One of the activities of the Institute for Health and Consumer Protection (IHCP) is to support the implementation of EU chemicals policy (including the safety assessment of industrial chemicals, chemicals in consumer products, pesticides and biocides) through the development, assessment and application of computational (in silico) methods. These methods, sometimes referred to as “non-testing methods”, can be used to reduce our reliance on experimental testing, and in particular animal testing. In practice, these methods are used in Integrated Testing Strategies, along with experimental data generated by alternative (non-animal) tests, such as in vitro tests and high throughput screening (HTS) assays.
Quantitative Structure-Activity Relationship (QSAR) models can be used to obtain information on the properties and activities of substances from chemical structure alone, and can thus be used to fill data gaps in the safety assessment of chemicals.
Another method, Physiologically Based Biokinetic (PBBK) Modelling, can be used to extrapolate between in vitro and in vivo exposure conditions, thereby helping to establish the relevance of data generated by in vitro toxicity tests.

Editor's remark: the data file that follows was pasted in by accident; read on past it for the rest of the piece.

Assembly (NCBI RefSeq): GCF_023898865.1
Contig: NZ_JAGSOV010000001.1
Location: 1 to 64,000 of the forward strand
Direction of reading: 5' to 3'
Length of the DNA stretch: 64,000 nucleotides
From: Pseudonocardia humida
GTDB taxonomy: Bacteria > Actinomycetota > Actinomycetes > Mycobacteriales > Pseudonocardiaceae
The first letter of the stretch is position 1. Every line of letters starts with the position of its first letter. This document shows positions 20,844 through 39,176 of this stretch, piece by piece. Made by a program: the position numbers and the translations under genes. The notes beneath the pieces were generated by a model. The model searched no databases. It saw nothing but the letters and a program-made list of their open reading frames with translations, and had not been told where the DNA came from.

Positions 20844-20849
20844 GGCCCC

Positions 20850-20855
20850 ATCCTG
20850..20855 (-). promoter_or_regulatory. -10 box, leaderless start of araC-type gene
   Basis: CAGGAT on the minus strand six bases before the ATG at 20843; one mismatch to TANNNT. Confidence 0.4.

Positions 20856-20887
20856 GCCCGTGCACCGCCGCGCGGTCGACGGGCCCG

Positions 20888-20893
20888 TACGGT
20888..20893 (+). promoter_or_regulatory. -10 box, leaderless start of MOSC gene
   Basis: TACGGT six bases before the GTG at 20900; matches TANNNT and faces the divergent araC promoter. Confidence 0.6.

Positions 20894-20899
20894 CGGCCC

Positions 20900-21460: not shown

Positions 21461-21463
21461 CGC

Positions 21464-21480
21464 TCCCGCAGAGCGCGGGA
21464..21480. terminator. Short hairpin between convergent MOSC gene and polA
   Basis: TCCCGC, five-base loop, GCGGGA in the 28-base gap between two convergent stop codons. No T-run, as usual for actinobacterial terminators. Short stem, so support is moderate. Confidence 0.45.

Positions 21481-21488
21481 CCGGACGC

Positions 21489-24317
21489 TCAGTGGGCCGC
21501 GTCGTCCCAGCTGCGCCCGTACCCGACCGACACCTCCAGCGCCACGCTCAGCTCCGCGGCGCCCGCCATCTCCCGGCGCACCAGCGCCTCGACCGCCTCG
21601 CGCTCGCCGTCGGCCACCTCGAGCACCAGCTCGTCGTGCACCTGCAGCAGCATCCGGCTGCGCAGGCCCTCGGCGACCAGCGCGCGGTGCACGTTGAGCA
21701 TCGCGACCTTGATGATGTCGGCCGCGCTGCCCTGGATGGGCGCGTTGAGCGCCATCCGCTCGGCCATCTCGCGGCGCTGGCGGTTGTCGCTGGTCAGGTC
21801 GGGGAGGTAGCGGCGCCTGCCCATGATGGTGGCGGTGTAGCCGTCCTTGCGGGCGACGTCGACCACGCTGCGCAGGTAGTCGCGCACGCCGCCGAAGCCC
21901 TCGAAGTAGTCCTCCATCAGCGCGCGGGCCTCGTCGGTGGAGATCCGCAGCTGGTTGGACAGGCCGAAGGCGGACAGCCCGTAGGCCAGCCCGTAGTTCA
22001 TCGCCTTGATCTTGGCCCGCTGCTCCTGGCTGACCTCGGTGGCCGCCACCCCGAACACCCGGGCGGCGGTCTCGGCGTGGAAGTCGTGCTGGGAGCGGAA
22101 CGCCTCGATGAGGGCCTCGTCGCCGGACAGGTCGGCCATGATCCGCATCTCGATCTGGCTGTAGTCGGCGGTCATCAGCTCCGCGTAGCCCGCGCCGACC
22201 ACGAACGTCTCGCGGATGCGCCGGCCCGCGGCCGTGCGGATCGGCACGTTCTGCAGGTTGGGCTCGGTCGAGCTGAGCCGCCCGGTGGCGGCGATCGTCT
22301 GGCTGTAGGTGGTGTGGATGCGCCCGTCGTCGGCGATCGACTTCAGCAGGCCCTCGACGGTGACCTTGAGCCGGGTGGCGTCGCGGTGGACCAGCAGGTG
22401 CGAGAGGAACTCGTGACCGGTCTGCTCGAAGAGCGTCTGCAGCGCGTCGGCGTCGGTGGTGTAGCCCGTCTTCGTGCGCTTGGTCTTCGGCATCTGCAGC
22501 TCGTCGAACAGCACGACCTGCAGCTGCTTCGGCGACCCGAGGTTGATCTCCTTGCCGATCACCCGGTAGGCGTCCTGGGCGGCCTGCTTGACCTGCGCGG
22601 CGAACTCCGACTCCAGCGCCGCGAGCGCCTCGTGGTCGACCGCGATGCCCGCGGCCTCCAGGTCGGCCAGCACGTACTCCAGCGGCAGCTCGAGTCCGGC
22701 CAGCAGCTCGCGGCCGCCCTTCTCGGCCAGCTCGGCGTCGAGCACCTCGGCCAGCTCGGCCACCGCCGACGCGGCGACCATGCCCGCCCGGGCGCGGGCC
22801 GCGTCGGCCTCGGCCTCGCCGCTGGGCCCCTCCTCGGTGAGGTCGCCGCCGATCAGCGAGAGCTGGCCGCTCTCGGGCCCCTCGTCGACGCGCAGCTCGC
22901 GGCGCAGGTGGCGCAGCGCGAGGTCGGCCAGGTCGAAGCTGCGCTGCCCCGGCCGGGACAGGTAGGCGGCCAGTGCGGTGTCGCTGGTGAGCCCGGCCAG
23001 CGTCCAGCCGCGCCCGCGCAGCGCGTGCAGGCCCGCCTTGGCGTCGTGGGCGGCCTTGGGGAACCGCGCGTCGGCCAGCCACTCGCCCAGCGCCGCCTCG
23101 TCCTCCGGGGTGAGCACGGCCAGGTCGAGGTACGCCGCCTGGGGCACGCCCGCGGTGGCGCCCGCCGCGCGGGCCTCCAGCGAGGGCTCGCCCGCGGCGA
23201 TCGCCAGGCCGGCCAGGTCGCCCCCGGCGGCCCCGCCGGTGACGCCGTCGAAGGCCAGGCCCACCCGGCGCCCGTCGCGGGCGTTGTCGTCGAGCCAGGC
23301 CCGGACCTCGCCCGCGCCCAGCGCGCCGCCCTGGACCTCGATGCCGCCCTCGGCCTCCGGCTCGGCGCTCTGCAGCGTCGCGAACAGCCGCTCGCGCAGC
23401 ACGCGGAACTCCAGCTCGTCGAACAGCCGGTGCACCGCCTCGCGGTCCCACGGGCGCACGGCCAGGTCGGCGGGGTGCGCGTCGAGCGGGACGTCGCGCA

The following information on computational toxicology can be found:
The following computational tools are freely downloadable or accessible from these webpages:
- JRC QSAR Model Inventory, an online database which hosts structured and peer-reviewed information on QSAR Models;
- Toxtree, a software tool which predicts mechanisms of action or toxicological effects by applying decision-tree approaches;
- Dart, (Decision Analysis by Ranking Techniques) a powerful and user-friendly software tool designed for the ranking of chemicals according to their environmental and toxicological concern based on the most recent ranking;
- Toxmatch, a flexible, user-friendly application for grouping chemicals on the basis of chemical similarity. It is designed to facilitate the formation of chemical categories and the application of read-across.
- Stat4tox, a software tool which carries out concentration-response analysis for in vitro experiments.